While much of Hawai‘i’s coastline is understandably built up with vacation destination resorts, some areas have a wilder feel, like Kīholo Bay. Driftwood decorates the rugged coastline, just 25 miles north of Kona, and green sea turtles ease through the bay’s cyan-colored shallows. The Hawaii State Parks website describes Kīholo State Park Reserve as:
A stark, lava-covered coastal park with small bays, sparsely vegetated coastline, historic lava flows, and wide open spaces.
Experience the park on a two-mile round trip hike across a rocky shore, passing coves and beaches that lead to the turquoise water of Wainanali‘i Lagoon. This lovely locale has a unique history – built into fishponds by Hawaiians prior to a landscape-redefining 19th century lava flow. Additional hiking in the park includes a 1-mile round trip outing down the coast in the opposite direction to a black sand beach.
Start from a parking area at the end of a 1-mile long dirt road that descends to the coast from Hawaii 19, the main route north of Kona. Off the circle at the end of the road, find a wide trail crossing pahoehoe lava rock that pushes through an airy forest of kiawe trees for thirty yards to arrive at the coast. Ahead, the volcanic surface stretches into the ocean like black fingers, forming tide pools with their touch.
Unless you’re heading to the black sand beach, half a mile to the left, bear right to make your way toward Wainanali‘i Lagoon. A well trodden path passes through an archway in the trees. The route becomes less defined as you go. Because most of the trek to Wainanali‘i Lagoon is not on an established trail, the hiking can be rough and slow-going. Budget extra time for your visit.
After 1/8 of a mile on the coast, look on your right for rocks that mark the site of Keanalele (also known as Queen’s Bath), a lava tube cave just below the surface. Openings in the crust of pahoehoe lava reveal a pool of freshwater mixing with saltwater in a tunnel just underground. Have a look, but stay out; swimming in this pool or any cave in Kīholo State Park Reserve is not permitted.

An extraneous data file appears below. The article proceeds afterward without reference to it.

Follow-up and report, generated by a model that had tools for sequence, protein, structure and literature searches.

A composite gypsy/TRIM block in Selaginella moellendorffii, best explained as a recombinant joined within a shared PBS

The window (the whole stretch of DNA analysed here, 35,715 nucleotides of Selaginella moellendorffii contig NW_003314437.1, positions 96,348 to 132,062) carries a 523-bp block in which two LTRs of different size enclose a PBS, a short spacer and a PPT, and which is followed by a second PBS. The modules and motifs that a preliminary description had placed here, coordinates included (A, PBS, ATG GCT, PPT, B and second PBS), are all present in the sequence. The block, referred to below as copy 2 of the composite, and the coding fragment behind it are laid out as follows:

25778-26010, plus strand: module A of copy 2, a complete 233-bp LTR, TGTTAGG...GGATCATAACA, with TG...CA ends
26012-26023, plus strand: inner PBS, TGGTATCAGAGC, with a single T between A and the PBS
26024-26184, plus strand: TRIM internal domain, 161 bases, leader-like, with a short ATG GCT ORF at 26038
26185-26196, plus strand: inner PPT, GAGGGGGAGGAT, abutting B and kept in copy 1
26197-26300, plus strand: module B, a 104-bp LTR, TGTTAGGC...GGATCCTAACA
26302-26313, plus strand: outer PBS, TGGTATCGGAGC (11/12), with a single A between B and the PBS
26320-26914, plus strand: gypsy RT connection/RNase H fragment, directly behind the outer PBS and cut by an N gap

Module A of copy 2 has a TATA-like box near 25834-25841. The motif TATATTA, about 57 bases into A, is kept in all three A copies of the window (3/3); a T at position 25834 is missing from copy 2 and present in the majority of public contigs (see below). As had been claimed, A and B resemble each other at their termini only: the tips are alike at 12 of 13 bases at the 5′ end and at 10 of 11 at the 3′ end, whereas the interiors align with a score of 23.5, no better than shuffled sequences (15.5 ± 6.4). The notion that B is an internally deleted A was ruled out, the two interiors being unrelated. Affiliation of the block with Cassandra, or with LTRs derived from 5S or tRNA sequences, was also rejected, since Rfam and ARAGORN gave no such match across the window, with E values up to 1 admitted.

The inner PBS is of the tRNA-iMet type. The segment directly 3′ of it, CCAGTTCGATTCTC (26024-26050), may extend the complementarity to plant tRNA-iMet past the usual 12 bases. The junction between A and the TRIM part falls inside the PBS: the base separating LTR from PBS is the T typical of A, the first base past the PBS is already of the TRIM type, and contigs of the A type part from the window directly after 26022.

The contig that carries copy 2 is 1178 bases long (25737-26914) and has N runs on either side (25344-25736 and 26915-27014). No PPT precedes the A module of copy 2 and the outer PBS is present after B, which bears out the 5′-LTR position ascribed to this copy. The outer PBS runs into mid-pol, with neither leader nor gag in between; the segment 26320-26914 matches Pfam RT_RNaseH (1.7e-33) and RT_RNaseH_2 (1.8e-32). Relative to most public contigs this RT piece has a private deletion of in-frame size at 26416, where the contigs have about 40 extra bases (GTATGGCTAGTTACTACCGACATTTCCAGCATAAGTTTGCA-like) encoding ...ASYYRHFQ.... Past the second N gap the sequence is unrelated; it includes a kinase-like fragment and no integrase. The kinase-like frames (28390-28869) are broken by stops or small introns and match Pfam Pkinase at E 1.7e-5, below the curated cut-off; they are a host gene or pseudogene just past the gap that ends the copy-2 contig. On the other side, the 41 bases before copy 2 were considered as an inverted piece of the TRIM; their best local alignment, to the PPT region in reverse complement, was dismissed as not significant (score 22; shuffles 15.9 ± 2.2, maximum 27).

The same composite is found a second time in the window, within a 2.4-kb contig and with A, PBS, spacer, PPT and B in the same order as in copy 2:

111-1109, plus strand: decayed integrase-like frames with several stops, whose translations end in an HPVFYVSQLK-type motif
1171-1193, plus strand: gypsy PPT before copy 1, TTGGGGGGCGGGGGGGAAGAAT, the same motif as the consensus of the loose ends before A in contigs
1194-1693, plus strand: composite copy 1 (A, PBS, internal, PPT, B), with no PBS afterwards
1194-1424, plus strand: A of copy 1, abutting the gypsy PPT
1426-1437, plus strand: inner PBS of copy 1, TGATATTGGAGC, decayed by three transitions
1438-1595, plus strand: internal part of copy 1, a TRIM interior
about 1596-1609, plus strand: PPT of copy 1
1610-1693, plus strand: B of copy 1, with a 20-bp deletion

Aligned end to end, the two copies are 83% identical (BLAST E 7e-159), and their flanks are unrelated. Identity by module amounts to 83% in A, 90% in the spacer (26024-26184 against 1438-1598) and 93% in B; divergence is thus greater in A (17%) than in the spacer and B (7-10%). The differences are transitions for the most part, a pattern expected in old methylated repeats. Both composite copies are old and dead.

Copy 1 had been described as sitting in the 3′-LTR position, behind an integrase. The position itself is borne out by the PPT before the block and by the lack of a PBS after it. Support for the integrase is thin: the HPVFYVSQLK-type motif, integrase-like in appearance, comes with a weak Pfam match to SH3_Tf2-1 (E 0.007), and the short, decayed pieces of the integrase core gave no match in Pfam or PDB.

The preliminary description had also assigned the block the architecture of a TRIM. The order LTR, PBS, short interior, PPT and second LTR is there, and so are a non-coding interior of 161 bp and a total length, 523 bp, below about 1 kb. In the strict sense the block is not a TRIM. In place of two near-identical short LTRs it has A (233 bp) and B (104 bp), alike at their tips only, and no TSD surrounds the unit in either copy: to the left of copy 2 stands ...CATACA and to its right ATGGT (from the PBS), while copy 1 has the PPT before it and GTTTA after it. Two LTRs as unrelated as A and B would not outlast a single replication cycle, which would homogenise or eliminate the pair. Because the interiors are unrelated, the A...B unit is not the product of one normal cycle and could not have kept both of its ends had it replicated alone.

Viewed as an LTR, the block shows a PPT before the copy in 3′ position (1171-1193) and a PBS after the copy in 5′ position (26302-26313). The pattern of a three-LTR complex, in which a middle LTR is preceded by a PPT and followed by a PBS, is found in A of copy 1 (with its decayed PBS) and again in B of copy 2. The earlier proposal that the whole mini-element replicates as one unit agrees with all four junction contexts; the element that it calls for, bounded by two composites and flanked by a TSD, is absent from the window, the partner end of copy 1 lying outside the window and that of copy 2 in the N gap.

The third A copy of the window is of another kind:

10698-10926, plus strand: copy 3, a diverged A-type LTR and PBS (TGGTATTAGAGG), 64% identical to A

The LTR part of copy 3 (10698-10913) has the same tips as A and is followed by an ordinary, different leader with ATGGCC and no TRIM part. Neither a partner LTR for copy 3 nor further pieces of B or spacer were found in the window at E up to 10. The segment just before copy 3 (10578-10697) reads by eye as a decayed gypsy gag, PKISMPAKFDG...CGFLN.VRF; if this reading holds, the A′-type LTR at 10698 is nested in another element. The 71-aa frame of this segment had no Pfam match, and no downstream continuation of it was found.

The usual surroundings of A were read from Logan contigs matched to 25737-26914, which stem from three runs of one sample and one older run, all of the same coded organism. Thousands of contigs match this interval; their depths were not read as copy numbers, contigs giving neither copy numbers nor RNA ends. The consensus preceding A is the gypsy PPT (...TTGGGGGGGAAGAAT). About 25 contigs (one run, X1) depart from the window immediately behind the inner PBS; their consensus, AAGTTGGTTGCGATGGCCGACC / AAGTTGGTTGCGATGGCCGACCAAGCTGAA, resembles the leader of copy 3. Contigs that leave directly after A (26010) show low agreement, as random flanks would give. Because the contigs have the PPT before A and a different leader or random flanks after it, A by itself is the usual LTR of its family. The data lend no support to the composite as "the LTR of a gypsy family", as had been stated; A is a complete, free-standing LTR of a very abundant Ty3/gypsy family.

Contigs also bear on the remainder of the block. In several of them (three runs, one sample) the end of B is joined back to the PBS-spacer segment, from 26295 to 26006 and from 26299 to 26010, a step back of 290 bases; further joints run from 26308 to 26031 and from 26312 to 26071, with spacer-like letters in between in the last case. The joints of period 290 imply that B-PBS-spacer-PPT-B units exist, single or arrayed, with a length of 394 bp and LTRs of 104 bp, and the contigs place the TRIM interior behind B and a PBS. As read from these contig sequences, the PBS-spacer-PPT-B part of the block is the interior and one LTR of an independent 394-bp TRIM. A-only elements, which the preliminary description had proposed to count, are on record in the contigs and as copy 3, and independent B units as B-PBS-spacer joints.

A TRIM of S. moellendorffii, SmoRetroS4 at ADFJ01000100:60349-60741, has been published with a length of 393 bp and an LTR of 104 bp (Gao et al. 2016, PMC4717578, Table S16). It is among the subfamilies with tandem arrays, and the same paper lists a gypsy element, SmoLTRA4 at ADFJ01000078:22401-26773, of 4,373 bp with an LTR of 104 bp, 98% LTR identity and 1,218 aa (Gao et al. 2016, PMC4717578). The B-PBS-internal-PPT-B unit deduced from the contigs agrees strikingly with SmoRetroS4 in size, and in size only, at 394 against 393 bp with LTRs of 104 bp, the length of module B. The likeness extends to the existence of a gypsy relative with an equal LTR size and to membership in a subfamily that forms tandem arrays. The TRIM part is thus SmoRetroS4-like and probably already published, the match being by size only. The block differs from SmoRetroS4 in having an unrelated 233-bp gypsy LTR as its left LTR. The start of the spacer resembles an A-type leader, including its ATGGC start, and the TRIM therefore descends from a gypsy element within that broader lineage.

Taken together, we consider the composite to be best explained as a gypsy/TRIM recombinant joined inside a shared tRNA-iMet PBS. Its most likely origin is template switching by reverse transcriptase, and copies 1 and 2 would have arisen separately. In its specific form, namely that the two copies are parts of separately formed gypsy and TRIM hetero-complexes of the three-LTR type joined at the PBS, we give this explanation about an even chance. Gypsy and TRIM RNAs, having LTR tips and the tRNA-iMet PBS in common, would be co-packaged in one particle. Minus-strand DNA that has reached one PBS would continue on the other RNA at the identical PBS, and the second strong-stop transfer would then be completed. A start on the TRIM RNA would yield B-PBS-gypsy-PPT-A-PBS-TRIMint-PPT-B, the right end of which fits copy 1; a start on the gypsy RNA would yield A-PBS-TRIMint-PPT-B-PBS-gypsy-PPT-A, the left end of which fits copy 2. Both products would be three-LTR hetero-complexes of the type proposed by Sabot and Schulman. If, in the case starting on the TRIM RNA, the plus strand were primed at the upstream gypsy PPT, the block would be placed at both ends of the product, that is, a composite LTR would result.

Continue walking northeast along the coast. As you go, enjoy views north over Kīholo Bay toward the slopes of Kohala. Soon afterward, and a quarter mile from the start, curl around the back of a partially sheltered cove. This is an easy spot to snorkel, if you’re eager to take a break and cool off in the ocean.
Walk up the coast past more tide pools. Cross a trail on the right that heads inland and connects to a road (which could be used to make a less scenic loop back to the trailhead). Keep on moving up the coast, where signs of a defined route lead to a picnic table atop a gravely beach. Just behind this beach is a large yellow building wrapped by coconut trees, one of the private holdings within the reserve. The picnic table is 0.4 miles from the trailhead and makes a decent early turnaround point for those who tire of trudging up the rocky shoreline.
Moving along, the path disappears, so forge your own route. Since your feet sink deeper into the rocks and sand than they would on a hard-packed trail, this two-mile hike may actually feel like double the distance because of the extra effort. If your legs get soar, simple stop and gaze out over the beautiful bay.
Shortly after the first property, spot a second retreat constructed in an impressive Balinese style. A bench here could be used to take a break. Aside from a few sandy stretches, the coast remains rocky as you continue north.
Arrive at a round point, 3/4 of mile from the start. The most recessed part of Kīholo Bay is to your right, hosting a short black beach. Across from the point, spot the small island and long peninsula framing Wainanali‘i Lagoon. The blackened landscape of a not-so-old lava flow meets the far side of the bay.